If you have a wire disconnected in flight, the Phantom will crash even if the prop does stay on. DJI had a rash of bad solder joints at one time with the earlier Phantoms. Sometimes it was even the main battery wires. There were instances where users had all four props come off in flight.
    After having two prop loss incidents,I now tighten my props by holding the motor bell and spinning the prop as fast as possible until it stops against the shoulder. A failed ESC will still crash the bird but at least I won't have to go look for the props.
     
  17. yorlik

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    ok syotr, I capitulate; there are too many variables with so many potential designs; it may be that the motor might just stop depending on the design. Just for the record though, our p2 motors ARE 100% true AC synchronous motors, not something different. How an AC synchronous motor is commutated (or run open loop) can be on/off with 2 windings getting power at a time or all 3 getting sine power at same time. But hey are pure AC synchronous motors.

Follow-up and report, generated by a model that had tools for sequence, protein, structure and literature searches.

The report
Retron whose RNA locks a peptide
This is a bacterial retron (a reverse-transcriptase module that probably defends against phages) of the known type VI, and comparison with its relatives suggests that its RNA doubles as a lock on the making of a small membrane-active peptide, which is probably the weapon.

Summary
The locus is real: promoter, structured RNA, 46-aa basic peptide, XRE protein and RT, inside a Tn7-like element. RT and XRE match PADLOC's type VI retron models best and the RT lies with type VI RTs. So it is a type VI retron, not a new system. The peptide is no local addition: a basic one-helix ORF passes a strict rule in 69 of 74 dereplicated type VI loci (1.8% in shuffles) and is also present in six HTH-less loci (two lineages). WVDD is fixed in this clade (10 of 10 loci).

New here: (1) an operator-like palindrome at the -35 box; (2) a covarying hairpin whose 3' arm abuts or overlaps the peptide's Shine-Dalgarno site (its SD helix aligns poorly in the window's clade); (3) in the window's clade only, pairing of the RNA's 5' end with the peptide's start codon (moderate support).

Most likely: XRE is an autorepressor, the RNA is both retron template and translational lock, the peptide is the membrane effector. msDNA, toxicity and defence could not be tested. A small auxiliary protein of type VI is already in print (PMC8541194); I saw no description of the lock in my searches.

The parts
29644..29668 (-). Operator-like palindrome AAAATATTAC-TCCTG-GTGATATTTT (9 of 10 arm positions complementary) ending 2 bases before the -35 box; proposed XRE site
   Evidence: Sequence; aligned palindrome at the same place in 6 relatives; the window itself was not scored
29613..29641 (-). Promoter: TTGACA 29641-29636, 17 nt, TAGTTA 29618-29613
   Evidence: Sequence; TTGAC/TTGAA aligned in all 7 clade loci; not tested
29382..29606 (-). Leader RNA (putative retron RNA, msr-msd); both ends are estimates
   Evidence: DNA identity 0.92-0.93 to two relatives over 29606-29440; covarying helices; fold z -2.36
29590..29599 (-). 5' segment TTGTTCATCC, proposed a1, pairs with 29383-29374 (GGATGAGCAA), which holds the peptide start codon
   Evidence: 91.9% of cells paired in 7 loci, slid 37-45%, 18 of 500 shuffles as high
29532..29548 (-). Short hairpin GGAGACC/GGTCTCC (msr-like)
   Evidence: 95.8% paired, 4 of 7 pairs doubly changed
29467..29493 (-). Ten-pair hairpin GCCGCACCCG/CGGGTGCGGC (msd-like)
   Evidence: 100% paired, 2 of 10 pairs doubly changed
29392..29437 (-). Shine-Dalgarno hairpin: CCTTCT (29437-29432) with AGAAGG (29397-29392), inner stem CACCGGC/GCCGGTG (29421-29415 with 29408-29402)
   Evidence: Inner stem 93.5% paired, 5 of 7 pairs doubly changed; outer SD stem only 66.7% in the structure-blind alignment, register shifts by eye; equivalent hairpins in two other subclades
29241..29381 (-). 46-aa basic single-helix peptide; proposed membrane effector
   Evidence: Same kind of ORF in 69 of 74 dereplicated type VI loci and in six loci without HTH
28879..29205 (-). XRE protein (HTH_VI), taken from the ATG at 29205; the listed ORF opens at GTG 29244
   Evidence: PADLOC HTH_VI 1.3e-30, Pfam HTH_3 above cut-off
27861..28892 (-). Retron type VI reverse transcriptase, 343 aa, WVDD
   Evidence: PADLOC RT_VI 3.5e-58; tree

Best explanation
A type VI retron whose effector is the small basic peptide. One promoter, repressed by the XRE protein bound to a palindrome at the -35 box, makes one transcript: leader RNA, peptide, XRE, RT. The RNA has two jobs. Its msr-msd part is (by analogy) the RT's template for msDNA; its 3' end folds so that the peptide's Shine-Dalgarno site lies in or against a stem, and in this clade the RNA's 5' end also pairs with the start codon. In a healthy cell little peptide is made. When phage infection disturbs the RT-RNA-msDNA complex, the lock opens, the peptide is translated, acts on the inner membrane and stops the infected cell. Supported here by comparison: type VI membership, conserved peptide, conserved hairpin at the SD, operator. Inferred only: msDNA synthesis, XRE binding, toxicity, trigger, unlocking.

Bottom line I think is what all agree: wire off one motor in flight and phantom will fall. Shame, since not necessary, but true. One day they will correct this failure mode with improved software.
     
  18. syotr

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    A simple test for your enjoyment
     
  19. Monkeyleg

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    In order to get the prop to fly off, he had to keep putting it on ridiculously loose.
     
  20. syotr

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    Exactly. It was hard to duplicate at slow speed. At higher speed it was possible even with a snug prop but took several tries. With the ESC disconnection though, it was absolute, instantaneous and very repeatable.